On August 10, 2017, Macanthony Canady was sentenced by a judge in San Luis Obispo County Superior Court to four years in state prison for DUI with priors (Vehicle Code § 23152), which was two years doubled for a prior conviction for a serious or violent felony, also known as a “Strike” prior under California’s Three Strikes Law.
On September 6, 2017, he was received by the California Department of Corrections and Rehabilitation (CDCR) and began serving the four-year term, which is 1,461 days (with one extra day added for a leap year in 2020). The CDCR recognized that the sentencing judge had awarded Canady 136 days (68 days actual custody, plus 68 more conduct credit days, pursuant to Penal Code §§ 2900.5(a), 4019) and awarded him an additional 26 from the sentence date, plus 13 more conduct credit days, or 39 more, leaving him with 1,296 days to serve, with his being eligible for releasee on parole of post-release community supervision no later than after serving 50%, or at roughly 648 days. One can calculate this as being June 16, 2019.
The CDCR calculated Canady’s early parole eligible date as June 4, 2019, which was oddly calculated as two years from the date Canady was received by the CDCR, less 94 actual days, which was the 68 he served pre-sentence and 26 post-sentence days actually spent in custody before being received by the CDCR. No conduct credits were applied to calculate the early parole date.
Curiously, Canady then filed a petition for writ of habeas corpus in the San Luis Obispo Superior Court, challenging the CDCR’s calculation of his nonviolent parole eligible date on grounds that the CDCR denied him the benefit of his conduct credits.
The petition was transferred to the Sacramento Superior Court, which issued an order to show cause and the CDCR filed a return. Canady then filed his traverse in response to the CDCR return.
The Sacramento Superior Court granted the habeas petition, concluding that Proposition 57 requires the CDCR to apply conduct credits when calculating an inmate’s early parole eligible date. It then directed the CDCR to recalculate Canady’s parole eligible date by applying conduct credits toward the parole eligible date.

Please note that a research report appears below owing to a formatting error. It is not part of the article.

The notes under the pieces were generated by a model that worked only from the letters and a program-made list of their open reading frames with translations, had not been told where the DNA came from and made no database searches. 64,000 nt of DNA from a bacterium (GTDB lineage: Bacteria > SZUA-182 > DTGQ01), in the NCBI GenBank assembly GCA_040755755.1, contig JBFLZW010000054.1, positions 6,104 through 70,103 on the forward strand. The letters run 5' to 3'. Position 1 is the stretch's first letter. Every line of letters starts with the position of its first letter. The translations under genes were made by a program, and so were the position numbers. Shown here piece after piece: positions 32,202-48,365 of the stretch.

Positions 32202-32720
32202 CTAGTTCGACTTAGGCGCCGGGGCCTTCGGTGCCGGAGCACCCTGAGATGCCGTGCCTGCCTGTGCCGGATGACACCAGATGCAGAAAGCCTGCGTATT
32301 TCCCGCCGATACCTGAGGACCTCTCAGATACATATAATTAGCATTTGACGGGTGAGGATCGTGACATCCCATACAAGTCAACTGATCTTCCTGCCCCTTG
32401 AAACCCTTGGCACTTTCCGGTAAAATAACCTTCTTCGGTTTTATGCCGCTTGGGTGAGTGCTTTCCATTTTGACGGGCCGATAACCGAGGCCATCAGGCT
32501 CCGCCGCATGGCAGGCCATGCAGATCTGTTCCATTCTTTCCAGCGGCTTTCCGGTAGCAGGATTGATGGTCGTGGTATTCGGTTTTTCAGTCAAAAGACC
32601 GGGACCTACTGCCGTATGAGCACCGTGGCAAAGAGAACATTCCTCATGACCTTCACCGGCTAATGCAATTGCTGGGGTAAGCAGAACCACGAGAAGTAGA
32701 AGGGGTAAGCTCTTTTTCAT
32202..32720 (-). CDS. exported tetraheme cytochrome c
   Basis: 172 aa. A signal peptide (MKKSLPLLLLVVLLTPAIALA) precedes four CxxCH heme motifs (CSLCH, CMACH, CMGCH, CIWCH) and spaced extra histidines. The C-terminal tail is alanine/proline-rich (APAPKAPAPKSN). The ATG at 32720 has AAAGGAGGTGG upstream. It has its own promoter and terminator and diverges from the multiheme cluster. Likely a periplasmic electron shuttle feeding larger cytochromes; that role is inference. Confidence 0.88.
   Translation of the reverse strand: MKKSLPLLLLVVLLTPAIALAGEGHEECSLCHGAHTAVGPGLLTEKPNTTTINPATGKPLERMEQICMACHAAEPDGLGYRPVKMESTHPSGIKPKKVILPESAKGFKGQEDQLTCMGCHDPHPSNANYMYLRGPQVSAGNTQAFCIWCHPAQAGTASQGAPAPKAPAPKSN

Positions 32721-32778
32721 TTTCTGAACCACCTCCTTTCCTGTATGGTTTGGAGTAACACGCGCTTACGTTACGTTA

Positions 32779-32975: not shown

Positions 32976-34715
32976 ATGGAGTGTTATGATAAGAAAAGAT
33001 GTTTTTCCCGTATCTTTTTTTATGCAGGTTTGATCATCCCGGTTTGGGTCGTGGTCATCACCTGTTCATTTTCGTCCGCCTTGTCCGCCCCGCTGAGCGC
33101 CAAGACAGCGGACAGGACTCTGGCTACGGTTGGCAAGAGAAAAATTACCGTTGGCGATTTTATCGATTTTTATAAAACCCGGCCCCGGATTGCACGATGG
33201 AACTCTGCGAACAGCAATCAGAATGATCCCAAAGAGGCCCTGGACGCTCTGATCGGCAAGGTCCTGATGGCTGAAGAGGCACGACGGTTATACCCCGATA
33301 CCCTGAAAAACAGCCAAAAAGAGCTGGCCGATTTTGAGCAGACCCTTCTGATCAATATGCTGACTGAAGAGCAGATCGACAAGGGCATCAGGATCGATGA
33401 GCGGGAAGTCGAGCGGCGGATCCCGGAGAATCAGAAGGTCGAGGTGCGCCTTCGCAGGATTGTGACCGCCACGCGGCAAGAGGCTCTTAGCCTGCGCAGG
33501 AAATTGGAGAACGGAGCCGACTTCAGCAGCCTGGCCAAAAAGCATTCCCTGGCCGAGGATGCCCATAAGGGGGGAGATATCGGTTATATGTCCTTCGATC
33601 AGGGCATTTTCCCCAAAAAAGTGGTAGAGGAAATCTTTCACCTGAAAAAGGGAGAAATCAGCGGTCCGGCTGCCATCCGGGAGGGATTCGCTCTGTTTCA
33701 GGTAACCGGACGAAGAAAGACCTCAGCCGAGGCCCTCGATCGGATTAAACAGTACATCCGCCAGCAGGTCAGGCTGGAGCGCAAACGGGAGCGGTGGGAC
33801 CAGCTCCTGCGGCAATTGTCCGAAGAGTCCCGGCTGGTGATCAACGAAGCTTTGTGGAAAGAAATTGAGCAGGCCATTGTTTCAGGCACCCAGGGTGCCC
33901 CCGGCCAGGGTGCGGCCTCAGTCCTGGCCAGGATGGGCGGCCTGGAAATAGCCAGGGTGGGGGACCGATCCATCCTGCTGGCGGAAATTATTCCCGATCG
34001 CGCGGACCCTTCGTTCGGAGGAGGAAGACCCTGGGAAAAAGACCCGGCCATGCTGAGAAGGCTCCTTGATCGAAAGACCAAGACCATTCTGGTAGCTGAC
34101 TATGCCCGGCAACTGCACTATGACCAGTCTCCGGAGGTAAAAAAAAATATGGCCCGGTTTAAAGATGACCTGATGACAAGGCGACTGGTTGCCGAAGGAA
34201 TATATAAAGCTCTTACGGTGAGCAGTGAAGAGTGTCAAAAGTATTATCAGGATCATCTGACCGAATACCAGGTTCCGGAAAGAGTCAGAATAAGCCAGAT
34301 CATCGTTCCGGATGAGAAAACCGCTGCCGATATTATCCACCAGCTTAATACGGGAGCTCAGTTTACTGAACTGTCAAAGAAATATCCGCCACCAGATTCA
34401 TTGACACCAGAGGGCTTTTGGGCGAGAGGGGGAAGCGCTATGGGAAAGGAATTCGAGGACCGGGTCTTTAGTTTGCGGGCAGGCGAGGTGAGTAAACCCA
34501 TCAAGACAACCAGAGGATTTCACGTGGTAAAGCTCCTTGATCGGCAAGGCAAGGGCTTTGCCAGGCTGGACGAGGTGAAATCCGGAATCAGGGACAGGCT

The CDCR then filed a writ of supersedeas to stay enforcement of the trial court’s order pending appeal and appealed to the Third Appellate District.
The Third Appellate District reversed, finding that the CDCR’s calculation was consistent with Proposition 57.
It did so by first explaining that that Proposition 57 provides, “(1) Parole Consideration: Any person convicted of a nonviolent felony offense and sentenced to state prison shall be eligible for parole consideration after completing the full term for his or her primary offense.” Prop 57 continues, stating “(A) For purposes of this section only, the full term for the primary offense means the longest term of imprisonment imposed by the court for any offense, excluding the imposition of an enhancement, consecutive sentence or alternative sentence.”
As to credit earning, Prop 57 states, “(2) Credit Earning: The Department of Corrections and Rehabilitation shall have authority to award credits earned for good behavior and approved rehabilitative or educational achievements.” This section continues, stating that the CDCR “shall adopt regulations in furtherance of these provisions.
The CDCR then issued regulations implementing Prop 57 at California Code of Regulations, Title 15, section 3490 and 3491. These provisions defined “full term” as “the actual number of days, months, and years imposed by the sentencing court for the inmate’s primary offense, not including any sentencing credits” (§ 3490(e)). Subdivision (f) on the same section calculates an inmate’s parole eligible date as the date the inmate “has served the full term of his or her primary offense, less any actual days served prior to sentencing . . . and any actual days served in custody between sentencing and the date the inmate is received by the department.”
In its appeal, the CDCR argued and the Third District agreed that voters, in approving Prop 57, did not intend Prop 57 to require the application of conduct credits towards an inmate’s early parole eligible date. After all, a prisoner can lose conduct credits (“forfeit”) if the prisoner receives infractions for behavior violations while in custody. Moreover, the term “full term” implies a term excluding any reduction for conduct credits.
We present this article for the reader’s information, as we receive a lot of phone calls about how to calculate an inmate’s parole eligibility date and there is a common interpretation of this according to the logic employed by Canady here, but the Third Appellate District has ruled that this is incorrect.
For more information about conduct credits and Prop 57, please click on the following articles: